If "Plastics" are the future, as the man said in the 1967 movie "The Graduate" -- and the evidence so far suggests he was right -- where does that leave America's farmlands?
I've wondered about that ever since the Snowy Owls invaded Nebraska a few years ago. A recent visit to a marine-science museum in Oregon and a Wall Street Journal article have renewed my concern.
There wasn't any snow on the ground that January day the Snowy Owl invasion was reported. Usually the large white owls stay close to home in the Arctic and feast on their favorite food, lemmings. Every so often, though, the lemming population crashes, forcing the weaker birds south, and this was a lemming-crash year. Having only seen a Snowy in the wild once before, I joined the search.
What I found was plastic bags -- white plastic bags in shocking numbers, white plastic bags tumbling windblown across farmers' fields, white plastic bags snagged on corn stubble. To somebody scanning the horizon through binoculars looking for white objects, the bags were, to say the least, a disappointment. I could only imagine how bothersome they'd be to those who would later have to work those fields.
Alas, plastic-bag litter in farm fields is but one layer of the plastics garbage heap. An exhibit at Oregon State University's Hatfield Marine Science Institute in Newport, Oregon, points to another. The exhibit estimates there is enough plastic garbage floating on the Pacific Ocean to cover the entire state of Texas.
Scientists who study the regurgitations of albatrosses (sound like a fun job?) regularly find the birds have swallowed wads of plastic. According to the U.S. Fish and Wildlife Service, albatross chicks on Midway Atoll are fed five tons of plastic every year (http://tiny.cc/…). Some die from it.
Americans drink twice as much bottled water today as they did 15 years ago and by 2017, the Wall Street Journal reports, bottled water will outsell soda (http://tiny.cc/…). Yet tap water in the U.S. is cheap and safe -- and it doesn't have a litter problem (http://tiny.cc/…).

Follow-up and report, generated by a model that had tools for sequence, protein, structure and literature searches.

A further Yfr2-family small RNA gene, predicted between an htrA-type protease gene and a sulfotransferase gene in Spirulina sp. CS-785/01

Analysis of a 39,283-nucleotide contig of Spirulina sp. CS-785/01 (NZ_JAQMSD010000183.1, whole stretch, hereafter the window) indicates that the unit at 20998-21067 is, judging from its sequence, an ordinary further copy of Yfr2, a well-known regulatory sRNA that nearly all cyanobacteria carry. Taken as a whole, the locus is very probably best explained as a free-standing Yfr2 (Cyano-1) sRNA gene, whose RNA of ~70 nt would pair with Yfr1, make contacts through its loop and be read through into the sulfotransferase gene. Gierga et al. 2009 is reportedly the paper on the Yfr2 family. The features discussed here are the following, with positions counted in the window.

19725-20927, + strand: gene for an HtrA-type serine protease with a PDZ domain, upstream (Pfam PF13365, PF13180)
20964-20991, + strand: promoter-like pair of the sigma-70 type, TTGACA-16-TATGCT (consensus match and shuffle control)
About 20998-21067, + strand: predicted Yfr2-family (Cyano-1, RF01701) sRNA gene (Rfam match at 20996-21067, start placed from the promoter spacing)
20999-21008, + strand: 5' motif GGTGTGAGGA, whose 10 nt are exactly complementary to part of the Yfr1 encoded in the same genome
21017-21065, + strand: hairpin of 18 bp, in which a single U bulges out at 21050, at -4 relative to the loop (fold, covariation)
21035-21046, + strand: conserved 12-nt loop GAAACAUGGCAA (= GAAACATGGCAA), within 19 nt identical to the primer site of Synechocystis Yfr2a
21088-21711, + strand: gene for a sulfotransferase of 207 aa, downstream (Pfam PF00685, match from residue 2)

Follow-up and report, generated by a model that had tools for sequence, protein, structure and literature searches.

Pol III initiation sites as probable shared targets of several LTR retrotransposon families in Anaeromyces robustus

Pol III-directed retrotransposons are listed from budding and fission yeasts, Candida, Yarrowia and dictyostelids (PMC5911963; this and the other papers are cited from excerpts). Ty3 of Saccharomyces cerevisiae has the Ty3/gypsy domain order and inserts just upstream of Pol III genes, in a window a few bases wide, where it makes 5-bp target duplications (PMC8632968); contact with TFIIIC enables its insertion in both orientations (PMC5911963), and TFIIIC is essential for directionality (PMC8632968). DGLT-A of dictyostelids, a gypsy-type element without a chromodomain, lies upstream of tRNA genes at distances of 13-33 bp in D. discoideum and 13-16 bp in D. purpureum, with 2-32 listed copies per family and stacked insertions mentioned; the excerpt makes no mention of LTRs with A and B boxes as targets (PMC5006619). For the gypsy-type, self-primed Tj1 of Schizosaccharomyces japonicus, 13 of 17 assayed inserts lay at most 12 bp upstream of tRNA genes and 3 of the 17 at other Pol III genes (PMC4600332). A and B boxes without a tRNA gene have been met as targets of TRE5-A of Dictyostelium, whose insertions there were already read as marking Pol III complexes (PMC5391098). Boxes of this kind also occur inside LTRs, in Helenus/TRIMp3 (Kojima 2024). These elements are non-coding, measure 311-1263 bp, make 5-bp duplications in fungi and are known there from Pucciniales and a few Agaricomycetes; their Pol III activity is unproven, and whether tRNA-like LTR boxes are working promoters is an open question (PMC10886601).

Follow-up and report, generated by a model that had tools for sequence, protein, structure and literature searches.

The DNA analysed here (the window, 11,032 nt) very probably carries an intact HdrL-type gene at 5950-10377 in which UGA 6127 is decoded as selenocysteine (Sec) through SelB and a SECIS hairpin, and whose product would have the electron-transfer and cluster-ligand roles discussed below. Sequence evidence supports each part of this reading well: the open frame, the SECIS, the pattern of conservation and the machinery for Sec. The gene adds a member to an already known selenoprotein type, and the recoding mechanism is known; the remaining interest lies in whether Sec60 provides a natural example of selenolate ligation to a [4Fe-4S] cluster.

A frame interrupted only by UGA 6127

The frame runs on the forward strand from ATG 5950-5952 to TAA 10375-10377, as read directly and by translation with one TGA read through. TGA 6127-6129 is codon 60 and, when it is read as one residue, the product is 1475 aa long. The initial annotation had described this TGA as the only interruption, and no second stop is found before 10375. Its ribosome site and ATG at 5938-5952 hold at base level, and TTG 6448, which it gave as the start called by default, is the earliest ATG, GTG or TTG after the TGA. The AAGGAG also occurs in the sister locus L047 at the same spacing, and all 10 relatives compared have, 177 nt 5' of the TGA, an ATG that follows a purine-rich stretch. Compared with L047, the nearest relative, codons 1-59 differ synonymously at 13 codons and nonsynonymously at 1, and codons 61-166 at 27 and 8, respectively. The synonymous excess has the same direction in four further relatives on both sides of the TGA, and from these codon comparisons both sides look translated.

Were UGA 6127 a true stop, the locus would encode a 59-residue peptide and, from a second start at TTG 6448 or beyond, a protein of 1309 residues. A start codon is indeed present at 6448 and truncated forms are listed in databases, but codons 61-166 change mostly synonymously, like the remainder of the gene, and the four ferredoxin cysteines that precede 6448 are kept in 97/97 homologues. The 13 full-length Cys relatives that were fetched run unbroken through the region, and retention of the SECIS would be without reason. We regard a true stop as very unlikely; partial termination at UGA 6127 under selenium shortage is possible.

Litter is the problem plastics have wrought, and it's not pretty. It would be nice to think that laws requiring recycling, which some farm groups have supported, would solve the problem. So far they've barely made a dent in it. The same is true of laws banning, or taxing, plastic bags.
Please don't mistake all this as the ravings of an anti-technology nut. I like technology, including plastics technology. Like most people I use plastics, though I've cut back on plastic bags and bottled water and am careful to recycle those I use.
It's litter I hate -- and not just because it confuses Snowy Owl watchers and kills Laysan Albatross chicks. Tiny bits of plastic are being found in both wild and farmed fish, raising fears that humans are eating plastic (http://tiny.cc/…). Pieces of plastic in cotton bales coming from farmers' fields are giving cotton mills fits (http://tiny.cc/…). Plastic is among the main reasons litter patrollers have to "adopt" stretches of highway. Litter is a problem for all of us, farmers included.
I finally saw a Snowy Owl that January day. The bird was sitting on a lawn outside the Menards store in Fremont, Nebraska; the memory of the sighting remains vivid to this day. So too, though, does the memory of the fields of plastic.
When -- someday soon, please -- society figures out a solution, I'm guessing farmers will have played a role in reining in the litter.
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